Marja-Leena Rathje
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Alberta Trip Day 3


This was the big day, the main reason for this trip. We finally made it to Writing-on-Stone Provincial Park in southern Alberta, a major site of hoodoos, petroglyphs and pictographs.

Some readers may remember that I wrote about Writing-on-Stone Park and how we had planned to visit it a year ago, but unusual heavy rains and flooding had forced a postponement. New readers may want to read that post, as well as one I wrote about hoodoos.

With cameras, lots of water, lunch, snacks plus hats and sunscreen, we set off from our hotel in Lethbridge. Heading southeast towards Milk River, the drive was pleasant and took about an hour and a half. Coming in, we had a fantastic first impression of the huge site overlooking the river. We knew that the Archaeological Preserve with the majority of the petroglyphs is protected from vandals and access was limited to guided tours daily in the afternoon. We found the park manager who informed us that the tour guide was away for several days on her days off and no one else could do it! There is only one guide now, compared to the two who were there last year. Blame the cutbacks in government funding (this is in Alberta where the economy is booming because of oil!) The park website has not been updated in years, phone service is a taped message, and tours cannot be booked in advance. It seems almost like they do not want visitors there! What's a traveller from far away to do? You can imagine my disappointment.


Anyway, we were told about the self-guided walking tour of the sandstone rocks and the locations of just a few petroglyphs on that route. After a quick lunch we set off, heeding warnings about staying on paths to avoid rattlesnakes - a first time for us! It was getting hot but we were quite mesmerized by the amazing rock formations, spending a lot of time taking photos. It really was an amazing, almost mystical experience, indeed a sacred place. And we did come to an area with about four discernible petroglyphs.

We ran out of time to go to the very end of the more than two hour walk, one way (without stopping to take photos I bet!) where we would have seen more. (Again, more information beforehand would have allowed us to plan better. We had to be back in Lethbridge to meet an old friend for dinner). Back near the parking lot we found some descriptive panels about the petroglyphs and the Blackfoot people who lived here and created them.

There were disappointments but nevertheless we loved the immense area of hoodoos here. We got about a hundred excellent digital photos (thanks to my husband) and some film ones that I took of close-up details and still haven't developed because the roll hasn't been fully exposed. I"m having a difficult time choosing photos to post here, that will look good in a small format! I'm really excited to have the rock photos to use in my continuing Silent Messenger series. But I hope to go back again to see the rock art and the rest of the park sometime!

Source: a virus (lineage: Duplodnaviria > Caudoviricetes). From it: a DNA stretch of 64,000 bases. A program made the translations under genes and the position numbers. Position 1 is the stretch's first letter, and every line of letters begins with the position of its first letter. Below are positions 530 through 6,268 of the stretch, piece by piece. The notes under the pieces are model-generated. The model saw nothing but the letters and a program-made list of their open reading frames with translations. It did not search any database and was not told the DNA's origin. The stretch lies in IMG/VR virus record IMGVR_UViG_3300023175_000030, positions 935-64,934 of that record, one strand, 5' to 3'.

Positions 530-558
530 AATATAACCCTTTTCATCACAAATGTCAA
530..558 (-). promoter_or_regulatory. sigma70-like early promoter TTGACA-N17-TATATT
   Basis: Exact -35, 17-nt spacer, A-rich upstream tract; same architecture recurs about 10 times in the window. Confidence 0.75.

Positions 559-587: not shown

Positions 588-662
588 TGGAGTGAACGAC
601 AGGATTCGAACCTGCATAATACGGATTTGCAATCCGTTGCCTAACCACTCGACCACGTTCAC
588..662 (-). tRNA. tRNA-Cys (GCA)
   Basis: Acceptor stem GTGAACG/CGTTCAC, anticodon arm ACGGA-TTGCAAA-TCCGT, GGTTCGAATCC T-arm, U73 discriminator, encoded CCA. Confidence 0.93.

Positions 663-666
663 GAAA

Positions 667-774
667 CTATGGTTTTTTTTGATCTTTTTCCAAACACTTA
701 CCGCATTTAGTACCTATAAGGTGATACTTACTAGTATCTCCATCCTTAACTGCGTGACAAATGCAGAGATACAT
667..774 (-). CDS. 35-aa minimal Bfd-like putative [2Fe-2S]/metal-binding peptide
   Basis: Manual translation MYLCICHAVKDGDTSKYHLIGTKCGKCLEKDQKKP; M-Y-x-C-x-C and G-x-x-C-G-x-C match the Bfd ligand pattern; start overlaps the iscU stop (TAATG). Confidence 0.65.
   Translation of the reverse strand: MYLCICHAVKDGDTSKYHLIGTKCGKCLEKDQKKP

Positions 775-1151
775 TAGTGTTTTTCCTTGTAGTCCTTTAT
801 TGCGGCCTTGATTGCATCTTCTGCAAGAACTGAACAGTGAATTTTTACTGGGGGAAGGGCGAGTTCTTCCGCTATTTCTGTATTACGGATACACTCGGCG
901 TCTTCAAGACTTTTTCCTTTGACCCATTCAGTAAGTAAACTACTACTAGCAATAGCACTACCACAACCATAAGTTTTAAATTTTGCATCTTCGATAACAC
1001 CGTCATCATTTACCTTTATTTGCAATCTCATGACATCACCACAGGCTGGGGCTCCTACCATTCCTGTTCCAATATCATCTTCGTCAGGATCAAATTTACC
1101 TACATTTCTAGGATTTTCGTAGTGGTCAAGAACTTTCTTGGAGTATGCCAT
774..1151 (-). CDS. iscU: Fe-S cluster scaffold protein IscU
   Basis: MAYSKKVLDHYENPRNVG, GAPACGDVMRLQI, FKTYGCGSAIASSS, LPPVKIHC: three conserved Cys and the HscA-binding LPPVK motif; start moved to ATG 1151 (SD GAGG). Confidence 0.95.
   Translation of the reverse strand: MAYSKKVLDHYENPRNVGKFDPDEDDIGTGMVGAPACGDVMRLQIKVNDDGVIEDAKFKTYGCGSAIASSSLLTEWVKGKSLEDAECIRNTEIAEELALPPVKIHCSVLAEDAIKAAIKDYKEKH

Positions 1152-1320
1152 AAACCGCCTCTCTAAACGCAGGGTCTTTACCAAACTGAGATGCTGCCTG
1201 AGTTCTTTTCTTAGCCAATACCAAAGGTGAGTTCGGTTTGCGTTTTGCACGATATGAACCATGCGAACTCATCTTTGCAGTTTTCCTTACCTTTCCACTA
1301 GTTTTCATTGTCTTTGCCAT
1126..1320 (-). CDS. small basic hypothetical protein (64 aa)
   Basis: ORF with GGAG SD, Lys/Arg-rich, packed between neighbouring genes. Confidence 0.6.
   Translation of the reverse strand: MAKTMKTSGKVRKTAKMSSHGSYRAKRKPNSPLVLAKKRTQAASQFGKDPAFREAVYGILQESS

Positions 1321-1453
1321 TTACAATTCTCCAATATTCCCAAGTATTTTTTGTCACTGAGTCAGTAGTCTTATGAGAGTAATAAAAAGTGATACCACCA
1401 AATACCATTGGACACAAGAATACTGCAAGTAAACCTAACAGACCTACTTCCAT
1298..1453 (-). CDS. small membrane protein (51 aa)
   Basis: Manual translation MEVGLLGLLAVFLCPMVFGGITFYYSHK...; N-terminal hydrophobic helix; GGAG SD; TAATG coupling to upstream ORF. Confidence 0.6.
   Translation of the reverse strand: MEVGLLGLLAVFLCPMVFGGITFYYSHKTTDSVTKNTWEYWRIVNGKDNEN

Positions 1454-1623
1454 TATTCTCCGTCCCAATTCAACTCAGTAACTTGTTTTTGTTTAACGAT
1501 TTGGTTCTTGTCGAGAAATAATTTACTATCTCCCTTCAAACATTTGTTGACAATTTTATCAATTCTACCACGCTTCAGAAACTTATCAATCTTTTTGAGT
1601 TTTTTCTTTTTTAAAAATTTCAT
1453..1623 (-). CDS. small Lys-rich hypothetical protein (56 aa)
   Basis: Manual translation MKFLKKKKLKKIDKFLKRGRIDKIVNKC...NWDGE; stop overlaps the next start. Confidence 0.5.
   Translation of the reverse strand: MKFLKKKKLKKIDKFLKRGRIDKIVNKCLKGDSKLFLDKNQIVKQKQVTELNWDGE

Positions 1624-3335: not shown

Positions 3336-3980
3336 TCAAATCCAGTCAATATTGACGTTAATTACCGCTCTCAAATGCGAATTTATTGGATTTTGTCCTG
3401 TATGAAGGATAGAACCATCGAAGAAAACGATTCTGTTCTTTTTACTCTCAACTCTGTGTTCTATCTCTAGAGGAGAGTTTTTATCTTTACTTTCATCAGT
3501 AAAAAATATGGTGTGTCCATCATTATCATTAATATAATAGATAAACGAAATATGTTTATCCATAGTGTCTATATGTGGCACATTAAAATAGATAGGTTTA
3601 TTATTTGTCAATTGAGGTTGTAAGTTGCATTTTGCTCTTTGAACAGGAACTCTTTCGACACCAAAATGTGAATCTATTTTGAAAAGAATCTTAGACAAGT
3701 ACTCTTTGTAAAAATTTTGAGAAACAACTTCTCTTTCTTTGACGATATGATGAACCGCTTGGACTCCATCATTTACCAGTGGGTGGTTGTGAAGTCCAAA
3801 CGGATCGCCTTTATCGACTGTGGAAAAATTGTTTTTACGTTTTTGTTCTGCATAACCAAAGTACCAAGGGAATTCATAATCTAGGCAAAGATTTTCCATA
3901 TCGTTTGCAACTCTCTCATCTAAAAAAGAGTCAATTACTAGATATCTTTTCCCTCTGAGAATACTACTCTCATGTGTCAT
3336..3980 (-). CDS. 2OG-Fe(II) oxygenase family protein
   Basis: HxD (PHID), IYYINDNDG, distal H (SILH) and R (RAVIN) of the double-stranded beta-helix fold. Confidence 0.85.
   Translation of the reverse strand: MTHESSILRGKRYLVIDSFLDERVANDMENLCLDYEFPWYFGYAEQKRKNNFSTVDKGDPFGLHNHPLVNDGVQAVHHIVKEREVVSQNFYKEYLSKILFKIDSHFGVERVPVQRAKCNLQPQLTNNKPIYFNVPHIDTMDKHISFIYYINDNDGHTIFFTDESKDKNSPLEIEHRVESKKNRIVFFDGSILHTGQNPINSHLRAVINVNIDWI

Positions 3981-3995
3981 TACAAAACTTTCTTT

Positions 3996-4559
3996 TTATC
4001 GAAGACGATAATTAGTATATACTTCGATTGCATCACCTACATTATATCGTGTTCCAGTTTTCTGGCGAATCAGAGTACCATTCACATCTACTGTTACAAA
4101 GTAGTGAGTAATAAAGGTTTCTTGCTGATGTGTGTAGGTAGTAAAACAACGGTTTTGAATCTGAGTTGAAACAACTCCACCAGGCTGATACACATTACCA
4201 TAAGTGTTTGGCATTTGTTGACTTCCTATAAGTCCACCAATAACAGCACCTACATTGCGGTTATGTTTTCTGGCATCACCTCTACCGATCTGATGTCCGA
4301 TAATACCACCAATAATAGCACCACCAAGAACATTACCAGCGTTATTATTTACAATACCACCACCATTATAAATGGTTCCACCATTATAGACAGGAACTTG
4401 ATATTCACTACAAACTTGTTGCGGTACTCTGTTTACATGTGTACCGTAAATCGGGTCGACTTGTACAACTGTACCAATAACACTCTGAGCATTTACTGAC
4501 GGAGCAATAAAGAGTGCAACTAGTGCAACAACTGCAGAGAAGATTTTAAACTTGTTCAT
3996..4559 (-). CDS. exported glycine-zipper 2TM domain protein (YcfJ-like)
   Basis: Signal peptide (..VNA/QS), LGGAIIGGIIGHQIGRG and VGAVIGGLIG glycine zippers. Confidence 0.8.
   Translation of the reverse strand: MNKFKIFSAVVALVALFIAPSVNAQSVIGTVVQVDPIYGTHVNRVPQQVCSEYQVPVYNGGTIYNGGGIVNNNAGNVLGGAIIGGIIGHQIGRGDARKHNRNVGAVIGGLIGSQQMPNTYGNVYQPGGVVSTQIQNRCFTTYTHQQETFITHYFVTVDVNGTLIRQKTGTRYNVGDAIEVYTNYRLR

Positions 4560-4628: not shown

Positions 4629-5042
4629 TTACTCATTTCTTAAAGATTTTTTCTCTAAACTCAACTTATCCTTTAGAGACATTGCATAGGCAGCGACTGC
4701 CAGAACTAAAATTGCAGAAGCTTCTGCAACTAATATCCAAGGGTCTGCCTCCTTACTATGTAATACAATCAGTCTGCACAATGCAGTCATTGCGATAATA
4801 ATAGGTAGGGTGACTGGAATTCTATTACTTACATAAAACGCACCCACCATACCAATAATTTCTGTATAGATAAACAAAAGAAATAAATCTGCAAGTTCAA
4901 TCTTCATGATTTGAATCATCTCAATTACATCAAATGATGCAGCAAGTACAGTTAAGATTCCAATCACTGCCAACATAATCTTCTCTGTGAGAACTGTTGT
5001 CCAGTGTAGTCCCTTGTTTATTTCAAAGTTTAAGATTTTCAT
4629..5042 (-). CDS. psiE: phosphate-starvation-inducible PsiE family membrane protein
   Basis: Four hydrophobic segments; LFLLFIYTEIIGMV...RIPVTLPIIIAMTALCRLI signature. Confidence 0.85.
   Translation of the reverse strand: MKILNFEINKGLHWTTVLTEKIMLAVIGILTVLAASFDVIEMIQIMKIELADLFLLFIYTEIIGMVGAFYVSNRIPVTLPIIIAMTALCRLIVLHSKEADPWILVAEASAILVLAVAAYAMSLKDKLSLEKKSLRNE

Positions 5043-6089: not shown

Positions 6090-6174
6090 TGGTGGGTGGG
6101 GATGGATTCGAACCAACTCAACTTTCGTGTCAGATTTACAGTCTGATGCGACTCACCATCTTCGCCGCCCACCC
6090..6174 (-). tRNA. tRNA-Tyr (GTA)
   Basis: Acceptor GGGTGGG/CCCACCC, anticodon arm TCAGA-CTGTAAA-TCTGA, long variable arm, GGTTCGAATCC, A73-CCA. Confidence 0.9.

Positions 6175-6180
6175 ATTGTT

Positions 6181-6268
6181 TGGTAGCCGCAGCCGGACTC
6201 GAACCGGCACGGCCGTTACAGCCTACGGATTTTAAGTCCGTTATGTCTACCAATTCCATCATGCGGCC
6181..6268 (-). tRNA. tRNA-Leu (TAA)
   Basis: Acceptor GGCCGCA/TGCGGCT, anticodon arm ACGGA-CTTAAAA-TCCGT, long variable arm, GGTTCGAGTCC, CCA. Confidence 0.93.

Related links:

Writing on Stone Provincial Park brochure (pdf)

some nice photos of WOSPP

Alberta Trip Day 1, Day 2, Day 4 and Days 5 & 6

Addendum July 16 and July 31, 2006: See more of our photos here, here and here.

Marja-Leena | 22/06/2006 | 6 comments
themes: Being an Artist, Printworks, Rock Art & Archaeology, Rocks


Wow, very cool. So sorry you couldn't see more. I guess it wouldn't help to call ahead next time since the phone doesn't get to a human being! Maybe an old-fashioned letter in the mail, to make sure the guide will be there and there aren't any other glitches in store. She'd no doubt be thrilled to have someone with your interest in the hoodoos.

Thanks Leslee. Yeah, I've thought about writing too. It's a bit difficult because I'm never sure when exactly we'd get there, plus the fact that they don't take reservations. But maybe a letter would help pave the way to some special treatment, like a private tour, even to sites that are not shown. Hmm, I think I'm going to do that...

Yeah, even when they were better funded, it was not very organized.... Rattlesnakes. It was on this very path you're talking about that one of them taught me how to fly! I put my foot down and it rattled right next to my foot and YOOP I flew about 20 feet down the trail! Our guide for the petroglyphs said it's always the 3rd one in line that gets bit. The first one in line wakes the snake up, the second in line pisses it off, and the third in line gets bit.... So none of us wanted to be third in line.... :)

Yikes, Tom! Glad we didn't meet any! The trail we went on was not the guided one and we never met another soul ( I mean a real human - there were many souls!) on it. We were careful to stay on the paths out of long grass and not put our hands in any holes in the rocks, as we were told, but we were a bit nervous.

I am so happy that I found your website. Your comments will help us plan for our holidays at the end of August. My husband and I are planning to go to Jarvis Lake for 5 days. Visiting and photographing the amazement of Writing on Stone is one of the many things we plan to do while camping at the lake. Your information was so helpful....thank you!

The Martins - Thank you for your note! I'm glad my article is of some interest and help to you. I hope you have better luck getting a tour to the petroglyphs! Have a great vacation!